Full Circle: A House Divided
My parents fought on Mondays. And six other days a week.
By Maury Z. Levy

My father and my mother really liked one another. Except on days that ended
in “Y.” They hollered and they yelled until their blood pressure swelled. And one of them would finally start to cry.

They argued over money and things that weren’t funny – like mortgages and tuna fish on rye.
Money was a trigger, but evening meals were bigger. Tuna and Creamettes always started the regrets that ended up with homemade apple pie.

“Tuna again?” my father would complain. “Why can’t we have more variety?”

“You want variety?” my mother said. “Go to Horn and Hardart’s.”

“And stick my hand in a little window?”

“I’ll tell you what you can stick in a little window.”

As sure as Mondays had their tuna, Tuesdays were full of fried liver. I hated liver. But I was a kid and kids didn’t get a vote in my house. So I filled up on mashed potatoes and sliced white bread as I stared at the shoe leather on my plate.

My father loved liver. But he wanted it with onions. Big Bermuda onions.

“Where are my onions?” he said. “I want my onions.”

My mother just looked at him. “And I want a nicer husband.”

A nicer husband? This made me worry. I worried about many things as a kid. I often worried that my parents’ arguments would lead to them breaking up. And what would I do? Where would I go?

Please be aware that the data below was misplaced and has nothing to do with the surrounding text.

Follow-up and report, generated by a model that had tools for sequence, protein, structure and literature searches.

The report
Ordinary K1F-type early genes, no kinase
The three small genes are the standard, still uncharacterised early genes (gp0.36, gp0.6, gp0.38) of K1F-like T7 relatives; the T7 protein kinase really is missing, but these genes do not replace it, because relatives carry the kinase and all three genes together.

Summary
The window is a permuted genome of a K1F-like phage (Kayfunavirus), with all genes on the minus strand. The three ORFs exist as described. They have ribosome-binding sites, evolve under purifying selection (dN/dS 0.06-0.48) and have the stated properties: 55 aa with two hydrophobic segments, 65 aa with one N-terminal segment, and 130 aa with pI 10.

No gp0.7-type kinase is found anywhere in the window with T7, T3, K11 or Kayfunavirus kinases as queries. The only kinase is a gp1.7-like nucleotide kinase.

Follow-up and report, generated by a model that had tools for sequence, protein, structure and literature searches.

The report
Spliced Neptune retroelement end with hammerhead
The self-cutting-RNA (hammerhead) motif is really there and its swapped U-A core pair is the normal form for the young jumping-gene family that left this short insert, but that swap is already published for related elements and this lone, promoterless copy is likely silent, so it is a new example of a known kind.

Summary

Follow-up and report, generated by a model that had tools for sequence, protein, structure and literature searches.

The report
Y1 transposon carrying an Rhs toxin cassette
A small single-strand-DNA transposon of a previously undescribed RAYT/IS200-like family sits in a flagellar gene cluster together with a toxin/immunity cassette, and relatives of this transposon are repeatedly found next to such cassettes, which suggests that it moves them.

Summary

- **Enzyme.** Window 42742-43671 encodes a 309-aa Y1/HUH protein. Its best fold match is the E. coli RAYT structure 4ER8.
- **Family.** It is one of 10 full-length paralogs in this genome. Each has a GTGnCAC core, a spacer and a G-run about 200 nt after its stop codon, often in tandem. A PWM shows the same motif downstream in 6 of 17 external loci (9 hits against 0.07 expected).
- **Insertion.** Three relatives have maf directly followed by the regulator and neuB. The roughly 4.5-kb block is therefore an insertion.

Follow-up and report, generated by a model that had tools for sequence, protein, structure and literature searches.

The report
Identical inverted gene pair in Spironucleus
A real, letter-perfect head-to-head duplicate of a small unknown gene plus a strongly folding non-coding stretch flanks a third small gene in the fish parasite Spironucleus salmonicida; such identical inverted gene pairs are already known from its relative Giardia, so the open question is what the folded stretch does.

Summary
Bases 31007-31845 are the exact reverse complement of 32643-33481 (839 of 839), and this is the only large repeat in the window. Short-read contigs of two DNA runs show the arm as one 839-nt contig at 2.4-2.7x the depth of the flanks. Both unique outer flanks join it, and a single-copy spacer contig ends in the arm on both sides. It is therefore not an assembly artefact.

“Yes, your honor, we are seeking a divorce and we’re not sure what to do with this child. The reason we’re breaking up, your honor? Tuna fish. She puts too much mayonnaise in my tuna fish.”

With that revelation, the courtroom collectively gasped. Too much mayo in his tuna? Isn’t that a capital offense?

And then I would think, “What will they do with me?” If they gave me to my mother, I would never starve. She would fatten me up on banana cake and tapioca pudding.

But my mother didn’t know the first thing about sports. She had never been to a baseball game. She wouldn’t know Richie Ashburn from Granny Hammer. No, I was sure, I could never live with my mother.

Now my father was a different story. A fight for love and glory. My father was perfect. He played sports in high school. He was a star basketball player. He knew every member of the 1960 Eagles championship team. They even gave him free tickets to the games.

In the spring and summer, we would go to a Phillies game almost every Sunday. He would buy me a scorecard and he would teach me how to keep score. He would let me eat a hot dog with an ice cream cone. My mother would never do that. It just wasn’t kosher.

But if I stayed with my father, other than those Sundays, I would starve. My father didn’t know how to cook. My father couldn’t make a sandwich if you spotted him two slices of bread.
And my father would never buy me nice clothes. He wore polka dot ties with plaid jackets. He would send me to school looking like a circus clown. And I didn’t like clowns.

So, no, I could never live with my father. But what if the judge made me choose? What if he put me up on the witness stand and made me swear on the Bible and made me pick one parent to live with? For the rest of my life.

“Your honor, you can’t split up my parents. They need each other. Sure, they always argue, but they always love me.”

And as luck would have it, my parents did work things out. Sure, they had to do it every few days. But they did it. And they managed to do it for 49 years.

They might not have always liked each other, but they sure did love each other. Come hell or soggy tuna.

January 2019
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